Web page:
Oh, and I've added Allison Kaplan Sommer's pro-occupation blog An Unsealed Room, as well. Since Allison (who is Israeli) pretty much defends Israel's occupation, she and I disagree a lot. This has given me the opportunity to be impressed with Allison's ability to disagree in civil terms. I try to make a habit of "reading the opposition," and Allison's innate decency and good writing skills keep that from being a chore.

The link to An Unsealed Room brings up some issues of terminology. First, Allison considers herself a leftist (or at least a liberal), but on the only issue we've discussed she's far to the right of me. Since I can't quite see her as a blog of a feather, but she probably wouldn't like being classified as a right-winger, I've stuck her in "unpigeonholable."

Second, what do I mean by calling her "pro-occupation"? Well, I've decided to start framing the Israel/Palestine issue that way - those who think the occupation is justified are "pro-occupation," even if (like Allison) they don't like the occupation and regret the human costs; those who don't think the occupation is justified are "anti-occupation." I'm using this terminology because I refuse to define the issue in terms of being "pro-Israel" or "anti-Israel," since I'm "pro-Israel" in the larger sense of supporting Israel's right to exist and hoping it prospers. Being a peacenik is not being anti-Israel, dammit!

Well, I'm flattered about the decency and writing skills part, but it was funny to read about being tagged "pro-occupation" on practically the very same day that Prime Minister Ariel Sharon denounced "occupation!" Does that put me to the right of Arik Sharon? Funny, you'd never know from my voting record...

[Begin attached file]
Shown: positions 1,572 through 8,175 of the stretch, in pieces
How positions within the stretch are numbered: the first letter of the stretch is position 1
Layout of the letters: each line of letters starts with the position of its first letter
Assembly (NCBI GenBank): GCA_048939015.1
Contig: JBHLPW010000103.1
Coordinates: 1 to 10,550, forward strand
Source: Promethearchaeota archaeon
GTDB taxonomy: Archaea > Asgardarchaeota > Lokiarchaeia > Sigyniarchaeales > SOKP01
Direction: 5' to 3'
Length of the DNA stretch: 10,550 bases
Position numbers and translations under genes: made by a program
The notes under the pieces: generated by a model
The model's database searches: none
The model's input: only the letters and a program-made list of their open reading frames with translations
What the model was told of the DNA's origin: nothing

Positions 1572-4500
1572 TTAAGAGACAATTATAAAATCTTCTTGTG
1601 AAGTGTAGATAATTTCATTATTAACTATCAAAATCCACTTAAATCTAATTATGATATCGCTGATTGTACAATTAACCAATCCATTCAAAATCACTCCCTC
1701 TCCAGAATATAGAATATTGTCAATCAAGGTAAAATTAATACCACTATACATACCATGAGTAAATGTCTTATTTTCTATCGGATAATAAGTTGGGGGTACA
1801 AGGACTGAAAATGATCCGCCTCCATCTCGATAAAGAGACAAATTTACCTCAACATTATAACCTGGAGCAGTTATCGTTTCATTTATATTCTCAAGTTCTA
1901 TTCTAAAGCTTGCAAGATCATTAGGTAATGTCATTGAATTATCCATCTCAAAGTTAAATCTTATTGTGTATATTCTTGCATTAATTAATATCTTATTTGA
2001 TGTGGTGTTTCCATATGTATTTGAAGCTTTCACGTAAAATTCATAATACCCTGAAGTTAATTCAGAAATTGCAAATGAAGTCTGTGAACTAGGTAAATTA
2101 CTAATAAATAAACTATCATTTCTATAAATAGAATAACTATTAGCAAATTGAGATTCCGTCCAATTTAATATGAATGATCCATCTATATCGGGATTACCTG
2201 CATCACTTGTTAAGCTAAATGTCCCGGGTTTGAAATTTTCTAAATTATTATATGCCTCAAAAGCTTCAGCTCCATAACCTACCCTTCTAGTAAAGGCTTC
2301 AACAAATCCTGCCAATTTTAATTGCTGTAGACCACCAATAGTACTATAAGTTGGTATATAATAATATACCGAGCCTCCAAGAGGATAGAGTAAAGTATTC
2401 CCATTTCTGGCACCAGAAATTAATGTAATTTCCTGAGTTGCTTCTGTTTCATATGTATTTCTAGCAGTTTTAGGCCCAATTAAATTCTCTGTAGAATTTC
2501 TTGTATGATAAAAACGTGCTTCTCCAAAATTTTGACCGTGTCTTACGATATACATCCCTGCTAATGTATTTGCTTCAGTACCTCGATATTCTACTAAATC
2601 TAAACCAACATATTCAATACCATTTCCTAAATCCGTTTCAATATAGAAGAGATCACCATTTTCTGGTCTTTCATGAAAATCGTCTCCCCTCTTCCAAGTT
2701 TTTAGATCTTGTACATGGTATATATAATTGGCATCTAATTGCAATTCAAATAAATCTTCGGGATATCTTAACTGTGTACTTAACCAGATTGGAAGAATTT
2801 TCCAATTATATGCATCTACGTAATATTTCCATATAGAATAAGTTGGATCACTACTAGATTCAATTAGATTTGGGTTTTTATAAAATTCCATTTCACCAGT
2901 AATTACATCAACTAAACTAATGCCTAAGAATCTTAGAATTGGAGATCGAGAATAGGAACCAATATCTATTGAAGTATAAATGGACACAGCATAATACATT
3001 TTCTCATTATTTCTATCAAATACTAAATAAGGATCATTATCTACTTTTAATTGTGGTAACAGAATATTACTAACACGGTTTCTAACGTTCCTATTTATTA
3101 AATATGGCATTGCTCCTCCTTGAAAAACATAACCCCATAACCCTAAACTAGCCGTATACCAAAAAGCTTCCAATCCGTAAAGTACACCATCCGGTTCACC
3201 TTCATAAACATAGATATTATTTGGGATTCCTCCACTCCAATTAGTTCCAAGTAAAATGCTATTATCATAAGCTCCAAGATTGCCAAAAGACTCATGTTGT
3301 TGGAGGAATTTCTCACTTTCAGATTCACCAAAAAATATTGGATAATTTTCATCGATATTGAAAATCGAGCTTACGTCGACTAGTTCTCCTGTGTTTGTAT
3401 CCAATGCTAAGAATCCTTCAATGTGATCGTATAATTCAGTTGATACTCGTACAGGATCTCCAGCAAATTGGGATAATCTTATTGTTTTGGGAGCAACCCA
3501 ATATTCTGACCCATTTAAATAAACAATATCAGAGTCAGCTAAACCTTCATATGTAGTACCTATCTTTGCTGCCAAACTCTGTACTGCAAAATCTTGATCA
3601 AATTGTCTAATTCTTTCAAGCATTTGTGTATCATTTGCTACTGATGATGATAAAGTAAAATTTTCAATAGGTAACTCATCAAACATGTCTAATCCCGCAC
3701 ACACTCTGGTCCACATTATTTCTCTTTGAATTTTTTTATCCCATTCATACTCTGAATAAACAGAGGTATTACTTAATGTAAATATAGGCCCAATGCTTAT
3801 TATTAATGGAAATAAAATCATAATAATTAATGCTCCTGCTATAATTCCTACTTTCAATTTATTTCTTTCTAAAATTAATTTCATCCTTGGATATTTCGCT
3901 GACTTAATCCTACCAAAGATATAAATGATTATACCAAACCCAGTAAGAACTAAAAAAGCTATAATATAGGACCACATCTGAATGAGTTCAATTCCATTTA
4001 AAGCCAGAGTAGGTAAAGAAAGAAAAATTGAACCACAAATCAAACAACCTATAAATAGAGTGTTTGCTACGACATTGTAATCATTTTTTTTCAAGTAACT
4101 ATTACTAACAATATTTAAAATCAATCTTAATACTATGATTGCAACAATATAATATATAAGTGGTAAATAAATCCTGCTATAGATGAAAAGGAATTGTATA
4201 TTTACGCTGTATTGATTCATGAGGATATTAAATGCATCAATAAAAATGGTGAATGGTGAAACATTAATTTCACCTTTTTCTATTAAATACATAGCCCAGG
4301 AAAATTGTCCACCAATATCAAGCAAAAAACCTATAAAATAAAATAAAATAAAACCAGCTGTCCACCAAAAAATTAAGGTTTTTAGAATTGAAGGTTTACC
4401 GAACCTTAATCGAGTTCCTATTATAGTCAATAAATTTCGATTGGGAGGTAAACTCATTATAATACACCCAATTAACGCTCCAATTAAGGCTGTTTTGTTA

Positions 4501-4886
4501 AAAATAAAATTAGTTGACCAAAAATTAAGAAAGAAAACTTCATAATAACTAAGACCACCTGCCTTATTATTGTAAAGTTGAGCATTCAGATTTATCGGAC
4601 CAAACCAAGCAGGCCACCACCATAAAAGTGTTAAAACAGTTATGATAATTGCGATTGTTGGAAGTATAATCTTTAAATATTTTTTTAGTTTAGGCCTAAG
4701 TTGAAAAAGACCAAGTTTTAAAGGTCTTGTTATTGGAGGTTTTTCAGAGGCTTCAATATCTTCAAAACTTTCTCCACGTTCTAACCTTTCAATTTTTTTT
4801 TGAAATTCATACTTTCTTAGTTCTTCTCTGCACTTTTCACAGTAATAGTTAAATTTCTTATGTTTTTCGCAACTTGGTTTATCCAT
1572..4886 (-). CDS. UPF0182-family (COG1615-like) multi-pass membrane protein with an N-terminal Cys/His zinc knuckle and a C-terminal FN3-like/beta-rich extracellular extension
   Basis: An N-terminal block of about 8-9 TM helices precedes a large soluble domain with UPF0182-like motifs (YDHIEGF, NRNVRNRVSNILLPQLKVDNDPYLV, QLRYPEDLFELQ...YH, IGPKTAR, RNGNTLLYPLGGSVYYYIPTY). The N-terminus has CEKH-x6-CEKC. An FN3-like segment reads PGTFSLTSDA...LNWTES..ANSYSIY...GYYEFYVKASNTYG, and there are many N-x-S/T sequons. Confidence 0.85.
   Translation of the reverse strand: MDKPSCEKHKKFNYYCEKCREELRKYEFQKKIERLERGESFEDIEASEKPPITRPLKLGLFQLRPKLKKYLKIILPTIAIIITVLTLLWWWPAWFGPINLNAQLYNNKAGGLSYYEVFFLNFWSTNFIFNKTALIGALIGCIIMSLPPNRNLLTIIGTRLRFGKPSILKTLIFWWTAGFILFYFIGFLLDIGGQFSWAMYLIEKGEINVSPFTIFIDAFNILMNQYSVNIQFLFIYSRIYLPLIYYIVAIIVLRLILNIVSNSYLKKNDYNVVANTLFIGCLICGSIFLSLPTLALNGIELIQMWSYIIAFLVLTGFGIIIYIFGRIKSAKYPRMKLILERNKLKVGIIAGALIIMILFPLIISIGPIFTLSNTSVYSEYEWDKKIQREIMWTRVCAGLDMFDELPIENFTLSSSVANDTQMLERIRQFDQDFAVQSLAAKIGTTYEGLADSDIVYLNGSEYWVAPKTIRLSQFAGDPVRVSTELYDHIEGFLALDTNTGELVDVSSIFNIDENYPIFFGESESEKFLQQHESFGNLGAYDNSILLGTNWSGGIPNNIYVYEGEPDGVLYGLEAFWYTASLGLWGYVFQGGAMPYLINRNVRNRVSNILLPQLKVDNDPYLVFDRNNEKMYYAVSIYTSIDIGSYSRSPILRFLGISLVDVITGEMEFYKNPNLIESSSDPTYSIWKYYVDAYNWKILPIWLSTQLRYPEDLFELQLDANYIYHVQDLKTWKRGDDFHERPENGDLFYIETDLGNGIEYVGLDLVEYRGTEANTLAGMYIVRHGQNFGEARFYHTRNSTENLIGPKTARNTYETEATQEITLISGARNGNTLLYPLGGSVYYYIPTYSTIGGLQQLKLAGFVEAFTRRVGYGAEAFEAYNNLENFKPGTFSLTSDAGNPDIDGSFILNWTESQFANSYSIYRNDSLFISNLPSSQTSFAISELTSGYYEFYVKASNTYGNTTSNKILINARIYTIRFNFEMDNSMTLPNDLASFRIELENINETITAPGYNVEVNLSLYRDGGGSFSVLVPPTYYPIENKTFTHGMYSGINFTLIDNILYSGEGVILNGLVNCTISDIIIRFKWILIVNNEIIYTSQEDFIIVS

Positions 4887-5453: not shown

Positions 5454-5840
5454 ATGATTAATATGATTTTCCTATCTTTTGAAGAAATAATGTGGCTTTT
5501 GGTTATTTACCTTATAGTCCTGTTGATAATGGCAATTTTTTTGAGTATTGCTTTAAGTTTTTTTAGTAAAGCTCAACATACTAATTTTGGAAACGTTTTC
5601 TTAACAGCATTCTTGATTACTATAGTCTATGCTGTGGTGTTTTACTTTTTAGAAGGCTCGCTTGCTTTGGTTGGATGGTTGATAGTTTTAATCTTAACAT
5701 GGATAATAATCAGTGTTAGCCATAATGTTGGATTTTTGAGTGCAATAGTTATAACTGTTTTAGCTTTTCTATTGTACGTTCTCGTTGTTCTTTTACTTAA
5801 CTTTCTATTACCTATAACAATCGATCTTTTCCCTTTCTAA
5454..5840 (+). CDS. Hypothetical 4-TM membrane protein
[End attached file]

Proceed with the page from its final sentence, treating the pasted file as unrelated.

What Amp and his ilk don't understand -- and I grant you, it's very hard to understand when you are not here on the "ground" -- that it is not as simple as being "pro-occupation" or "anti-occupation." You can support withdrawal from the territories under certain circumstances, like when the other side is offering you a rock-solid peace treaty -- and support going into the territories under other circumstances -- like when the other side is breaking the peace treaty and allowing bomb factories to be built in the middle of Palestinian cities.

And you can even believe that the occupation is "justified" -- i.e. the West Bank is territory taken by Israel in a war of self-defense, that the country it was taken from -- Jordan -- has always refused to take back -- and at the same time, believe that hanging on to it is not worth the price -- and support the creation of a Palestinian State to solve the problem of endless unwanted control over the lives of millions of Palestinians. This, as much as you would like in your heart to hand onto this land -- which is where Sharon essentially stands, I think. He wants the land, he doesn't want the Palestinians, and he can't stomach transfer.

What Ariel Sharon is doing right now has got to be painful for him. I'm sure that the only way it's tolerable for him is that he's sitting across the table from Abu Mazen and not from Arafat. (No thanks to the French who are as enraptured with Arafat as they were with Saddam)

I heard something very wise on the radio on Friday as I was driving to Jerusalem -- unfortunately I didn't catch the name of the commentator. He told the left to back off. Don't give Sharon a bear hug, the last thing he wants or needs is Peace Now and Meretz showering him with affection and saying, "ah, now you see the light, you understand we were right all along."

It's not going to help him politically or psychologically. Let him think that he invented the idea of compromise with the Palestinians if he needs that. Let him do what he needs to sell this thing to the Israeli center and center-right, and deal with the angry opposition of the settlers.

It's not going to be an easy job, and anything the Israeli left does right now to try to help him is just going to make it harder.

All that said, it is clear that this thing will not go anywhere unless Abu Mazen and co. really truly do crack down on terror. Charles Krauthammer gets that right in this essay.